Clashes nearby had people on edge that morning, Orabi’s mother Mabrouka said.
“We received a call from my son’s bus driver who told us that he was unable to reach our house because of the renewed clashes,” she recalled.
“My son was unable to go to school, so he changed out of his school uniform and went to play outside the house with neighbours’ children.”
Hearing the sound of an explosion, Mabrouka ran out into the street to find her son bleeding from his head.
“I also saw the rest of the wounded children trying to crawl. I screamed ‘My son is dead, try to save the rest of the children’,” she said.
UNICEF, the United Nations’ children’s agency, condemned the attack.
“UNICEF calls on all parties to conflict to abide by their obligations under international humanitarian law and international human rights law to protect boys and girls at all times,” it said in a statement.
But attempts at engineering a peaceful settlement between Haftar and the GNA, who are both backed by various foreign countries and actors, is slow and even abortive.
Talks in Geneva this week between the two warring parties have stalled, with an LNA attack on Tripoli’s port prompting the GNA to withdraw from the indirect dialogue.
Meanwhile, the fighting and displacement continues.
According to statistics released by the International Organisation of Migration on 9 January, an estimated 150,000 people have been displaced from Tripoli’s outskirts since the offensive began.
Belgasem al-Qantari, an official in the GNA’s ministry for the displaced, told MEE that 120 million dinars ($84.5m) has been allocated by the Tripoli government to provide those fleeing the conflict with necessities such as food and medicine.
The main dilemma, he said, was finding accommodation for them.
“We are currently working with a number of companies to supply ready-to-install pre-fabricated homes, to use them as houses until the war is over,” Qantari said.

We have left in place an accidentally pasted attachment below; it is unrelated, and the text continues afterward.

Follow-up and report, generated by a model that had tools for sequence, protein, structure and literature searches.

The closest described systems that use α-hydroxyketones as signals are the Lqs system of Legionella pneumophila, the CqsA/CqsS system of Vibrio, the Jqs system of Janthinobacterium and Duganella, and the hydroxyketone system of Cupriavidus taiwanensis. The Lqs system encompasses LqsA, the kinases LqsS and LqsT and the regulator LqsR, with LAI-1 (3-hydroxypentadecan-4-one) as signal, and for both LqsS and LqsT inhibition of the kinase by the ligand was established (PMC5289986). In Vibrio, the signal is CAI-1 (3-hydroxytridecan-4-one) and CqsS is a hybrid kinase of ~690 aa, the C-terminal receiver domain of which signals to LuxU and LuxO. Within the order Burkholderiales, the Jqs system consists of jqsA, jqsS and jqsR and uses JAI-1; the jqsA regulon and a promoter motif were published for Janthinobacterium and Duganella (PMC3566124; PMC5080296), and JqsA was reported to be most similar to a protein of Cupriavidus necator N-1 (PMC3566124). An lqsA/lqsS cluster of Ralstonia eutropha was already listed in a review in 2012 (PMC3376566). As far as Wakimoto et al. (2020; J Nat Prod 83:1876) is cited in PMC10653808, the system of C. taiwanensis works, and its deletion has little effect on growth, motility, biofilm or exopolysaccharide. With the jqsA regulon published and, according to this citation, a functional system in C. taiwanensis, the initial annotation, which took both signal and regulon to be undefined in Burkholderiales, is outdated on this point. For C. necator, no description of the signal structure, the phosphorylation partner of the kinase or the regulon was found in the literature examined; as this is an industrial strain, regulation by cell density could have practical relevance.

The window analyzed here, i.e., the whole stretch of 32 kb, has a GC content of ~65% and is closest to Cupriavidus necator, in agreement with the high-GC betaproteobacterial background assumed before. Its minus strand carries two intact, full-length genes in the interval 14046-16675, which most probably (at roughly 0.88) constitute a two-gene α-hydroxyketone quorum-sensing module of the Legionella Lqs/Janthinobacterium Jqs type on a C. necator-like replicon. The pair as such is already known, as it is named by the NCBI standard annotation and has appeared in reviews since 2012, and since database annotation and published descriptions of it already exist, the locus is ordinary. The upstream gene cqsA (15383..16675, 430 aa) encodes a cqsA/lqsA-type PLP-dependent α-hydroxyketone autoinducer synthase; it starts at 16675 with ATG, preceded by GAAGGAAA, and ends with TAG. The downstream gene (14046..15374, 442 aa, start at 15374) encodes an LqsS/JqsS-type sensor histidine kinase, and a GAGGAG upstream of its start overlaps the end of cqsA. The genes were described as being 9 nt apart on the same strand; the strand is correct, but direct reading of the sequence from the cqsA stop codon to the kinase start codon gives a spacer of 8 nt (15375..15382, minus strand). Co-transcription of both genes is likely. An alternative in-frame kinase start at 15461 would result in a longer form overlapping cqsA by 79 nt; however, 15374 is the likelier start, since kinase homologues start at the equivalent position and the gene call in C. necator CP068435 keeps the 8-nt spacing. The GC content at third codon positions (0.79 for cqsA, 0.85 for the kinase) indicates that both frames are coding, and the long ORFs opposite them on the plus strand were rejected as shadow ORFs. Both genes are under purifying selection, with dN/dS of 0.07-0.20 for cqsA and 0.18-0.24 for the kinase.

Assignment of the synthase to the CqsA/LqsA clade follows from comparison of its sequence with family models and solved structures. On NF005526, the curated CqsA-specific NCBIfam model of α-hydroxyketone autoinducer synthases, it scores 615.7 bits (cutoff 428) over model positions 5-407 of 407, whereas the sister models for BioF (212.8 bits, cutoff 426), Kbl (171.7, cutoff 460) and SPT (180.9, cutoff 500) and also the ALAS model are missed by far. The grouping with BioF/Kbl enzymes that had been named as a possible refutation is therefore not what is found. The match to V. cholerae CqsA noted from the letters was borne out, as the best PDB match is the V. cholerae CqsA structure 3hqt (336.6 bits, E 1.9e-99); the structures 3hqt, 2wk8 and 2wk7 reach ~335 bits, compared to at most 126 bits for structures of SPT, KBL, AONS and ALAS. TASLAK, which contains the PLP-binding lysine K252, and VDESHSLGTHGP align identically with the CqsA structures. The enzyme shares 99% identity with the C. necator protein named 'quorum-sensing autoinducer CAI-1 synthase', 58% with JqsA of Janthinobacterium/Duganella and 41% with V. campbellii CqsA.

However, Libyans such as Mohammed are fast running out of options.
If things continue to get worse, Mohammed says his family will be forced to flee to neighbouring Tunisia, where rent is cheaper, power supply is constant and the threat of bombs falling from the sky is non-existent.
Though there is a nominal ceasefire currently in place, civilians in al-Hadba al-Badri and surrounding neighbourhoods are still familiar with the whistling of shells overhead.
Many families are terrified to leave their homes, thinking they could be struck at any minute.
Meanwhile, life continues relatively normally in more central areas of the Libyan capital, with people for the most part able to work and go to school as normal.
For many, that sense of normality amidst the chaos has rooted them in their neighbourhoods. Though it is unclear how long that will last.
Mohammed, for one, is reluctant to flee to Tunisia, uproot his family once again and totally disrupt his children’s education.
“I have no solution but to stay in my family’s house in al-Hadba al-Badri, as I cannot go to Tunisia, where I will need to work to provide rent there,” he said.
“So, by travelling, my livelihood will stop, and this is a dilemma for which I have not found a solution.”
(*) Some names have been changed.
Hussein Eddeb is a journalist and filmmaker from Libya interested in the social, cultural and political affairs of Libyan society.